James Anderson got his 599th Test scalp in the evening of day four, trapping Pakistan's Abid Ali leg before. Shortly after that, the umpires checked the light meter and declared that it was too dark for the batsmen to confront fast-bowling, telling England captain Joe Root to bowl the spinners if he wanted to continue.
Anderson probably was thinking about bowling spin then. Many may not know about his left-arm orthodox spin and off break heroics but he once dismissed Ian Bell in an exhibition match in Durban bowling left-arm orthodox spin.
But Anderson didn't get enough time to ponder as the umpires soon called it a day which kept Anderson hanging overnight on 599 Test wickets. Nasser Hussain, former England captain and now commentator, jokingly recalled on air a simple catch he dropped off Anderson against South Africa.
England fielders kept Anderson at bay as four catches were dropped off his bowling in this match. Before this match, he never had four catches dropped off his bowling in a single Test match. What a time for that to happen!
According to CricViz, Anderson has had more drops off his bowling than 93% of Test cricketers have wickets.
However, courtesy of the rain playing hide-and-seek and so many dropped catches, it all came down to seven deliveries on day five for the veteran to become the fastest bowler to 600 Test wickets in terms of balls bowled.
After the fielders, the English summer kept Anderson waiting for more than five hours. Play finally resumed with 42 overs remaining on day five.
However, Anderson couldn't break Muralitharan's record. He had to take the wicket on the first two deliveries of his 14th over but it finished rather uneventfully. By then, Dominic Sibley, Zak Crawley, Stuart Broad and Jos Buttler must have been kicking themselves.
But he didn't have to wait too long. In his very next over, the ball bounced slightly more than Azhar Ali expected but that was enough to take the edge and Joe Root made no mistake at first slip.
Anderson held the ball high and the giant screen at the Ageas Bowl read, "James Anderson, 600 Test wickets."
Two days back, Dominic Sibley took the catch of Naseem Shah off Anderson to finish off Pakistan's first innings. Naseem was barely four months old when Anderson made his Test debut in 2003.
Such is his longevity and effectiveness. Even at 38, he maintains a probing line and length with utmost accuracy, which has been the hallmark of his bowling. He still bowls at high one-thirties regularly, hardly showing signs of exhaustion.
He was even faster in the earlier part of his career and one of the fastest bowlers in the Lancashire League. His first-class debut came for Lancashire in 2002 and his first scalp was Ian Ward, who commentated for Sky Sports in the England-Pakistan series.
The next year, he became the youngest Lancashire bowler to claim a first-class hattrick. One of the victims was the then England captain Nasser Hussain. Within a week, Anderson found himself at Lord's and presenting his Test cap was none other than Nasser Hussain.
He made his Test debut against Zimbabwe. His first Test wicket was Mark Vermuelen, who was completely beaten for pace and saw his stumps rattled. Anderson got four more in that innings, three of them were bowled.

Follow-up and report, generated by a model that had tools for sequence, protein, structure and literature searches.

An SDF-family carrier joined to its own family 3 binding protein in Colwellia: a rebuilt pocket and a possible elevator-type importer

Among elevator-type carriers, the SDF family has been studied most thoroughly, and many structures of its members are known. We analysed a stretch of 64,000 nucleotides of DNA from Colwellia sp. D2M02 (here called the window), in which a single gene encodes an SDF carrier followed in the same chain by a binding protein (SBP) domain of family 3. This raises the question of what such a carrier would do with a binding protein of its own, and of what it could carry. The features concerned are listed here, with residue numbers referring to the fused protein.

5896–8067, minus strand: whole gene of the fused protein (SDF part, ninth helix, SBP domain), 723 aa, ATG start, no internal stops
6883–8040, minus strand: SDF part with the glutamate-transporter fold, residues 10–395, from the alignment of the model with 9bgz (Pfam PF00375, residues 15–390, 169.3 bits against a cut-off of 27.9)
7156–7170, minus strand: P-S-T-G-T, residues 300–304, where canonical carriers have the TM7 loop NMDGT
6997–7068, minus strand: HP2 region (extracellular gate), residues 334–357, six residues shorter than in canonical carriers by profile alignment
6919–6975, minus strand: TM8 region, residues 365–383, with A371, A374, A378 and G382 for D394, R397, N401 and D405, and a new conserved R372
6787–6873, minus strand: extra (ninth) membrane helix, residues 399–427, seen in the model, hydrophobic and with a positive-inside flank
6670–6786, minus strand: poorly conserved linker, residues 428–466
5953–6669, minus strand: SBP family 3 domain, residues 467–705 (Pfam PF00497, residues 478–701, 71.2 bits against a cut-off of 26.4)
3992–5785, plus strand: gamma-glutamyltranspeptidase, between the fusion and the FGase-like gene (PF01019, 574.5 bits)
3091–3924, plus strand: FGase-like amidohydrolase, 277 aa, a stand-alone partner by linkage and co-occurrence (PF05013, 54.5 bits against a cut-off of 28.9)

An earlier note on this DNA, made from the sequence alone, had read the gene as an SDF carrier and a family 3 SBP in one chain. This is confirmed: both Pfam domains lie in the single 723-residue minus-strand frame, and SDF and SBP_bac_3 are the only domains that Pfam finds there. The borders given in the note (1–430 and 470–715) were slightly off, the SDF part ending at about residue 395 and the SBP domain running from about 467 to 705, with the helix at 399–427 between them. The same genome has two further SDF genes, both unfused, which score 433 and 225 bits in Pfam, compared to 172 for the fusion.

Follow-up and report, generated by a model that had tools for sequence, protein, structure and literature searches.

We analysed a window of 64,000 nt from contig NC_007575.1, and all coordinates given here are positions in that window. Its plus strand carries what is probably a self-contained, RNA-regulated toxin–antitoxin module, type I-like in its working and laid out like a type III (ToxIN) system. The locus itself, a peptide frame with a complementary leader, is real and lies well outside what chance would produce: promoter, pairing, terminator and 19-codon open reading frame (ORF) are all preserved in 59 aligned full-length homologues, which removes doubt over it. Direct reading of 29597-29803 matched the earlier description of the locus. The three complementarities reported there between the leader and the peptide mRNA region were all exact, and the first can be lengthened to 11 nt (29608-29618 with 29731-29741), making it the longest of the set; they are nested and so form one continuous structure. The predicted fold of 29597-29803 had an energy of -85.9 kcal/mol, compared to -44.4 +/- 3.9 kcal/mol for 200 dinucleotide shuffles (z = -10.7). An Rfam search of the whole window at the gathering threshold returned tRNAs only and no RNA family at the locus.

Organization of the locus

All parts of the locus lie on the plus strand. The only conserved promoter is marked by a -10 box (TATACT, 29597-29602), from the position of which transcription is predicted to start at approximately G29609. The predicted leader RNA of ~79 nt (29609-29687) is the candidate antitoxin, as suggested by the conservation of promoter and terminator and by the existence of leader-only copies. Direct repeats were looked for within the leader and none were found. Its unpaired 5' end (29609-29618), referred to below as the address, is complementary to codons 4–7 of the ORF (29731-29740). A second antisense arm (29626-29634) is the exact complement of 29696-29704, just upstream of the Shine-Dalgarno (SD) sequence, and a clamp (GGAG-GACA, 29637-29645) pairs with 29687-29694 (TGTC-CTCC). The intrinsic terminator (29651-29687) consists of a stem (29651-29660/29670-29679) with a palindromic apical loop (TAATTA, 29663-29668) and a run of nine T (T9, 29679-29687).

Test debut, five-wicket haul, name on the Lord's honours board- the start couldn't have been better.
But soon he realised, Test cricket is not a bed of roses. He was raw, exciting but inconsistent, so much that it took five years and 29 Tests to reach 100 wickets, with an average in the mid-30s.
Fast forward another five years, he was celebrating his 384th Test wicket, passing Sir Ian Botham's tally of 383 to become the highest wicket taker for England in Tests.
Seems like it takes him five years to achieve big things.
So, there should be another milestone in 2018, five years after Anderson had gone past Botham. And there was.
On September 7, 2018, Anderson dismissed India's Mohammed Shami to go past Glenn McGrath's 563 wickets, becoming the highest wicket taking fast bowler in Tests. By this time, his bowling average had remarkably come down to 26.84.
Anderson bowling a full, swinging delivery and inducing the edge of a batsman's bat is quite a familiar sight. More than a third of his Test wickets have come courtesy of catches by a fielder, with caught by the wicketkeeper the next most common dismissal, and then bowled.
So it's not surprising that he is the bowler with most wickets caught behind in Test cricket.
Known as 'King of Swing', he is a nightmare to the batters when in rhythm with the new ball. Three-fourth of his wickets in Tests are of the batsmen batting at number one to seven. Only Chaminda Vaas, among fast bowlers, has more percentage of top order wickets in Tests.
It's not easy being the spearhead of a Test bowling attack at the age of 38. But Anderson seems to get better with age. Since he turned 30, he has taken 331 wickets at a stunning average of 24. He averages less than 30 against every team he played against barring England and New Zealand in that period.
His first over in Test cricket cost 17 runs. 17 years later, he got his 600th scalp. The game didn't disappoint him. Hailing from Burnley, where people mostly talk football, Anderson chose cricket. But right now, the Burnley people are surely talking about 'The Burnley Express'. Not the newspaper, not some transport, it's James Michael 'Jimmy' Anderson- the first fast bowler on the planet to take 600 wickets.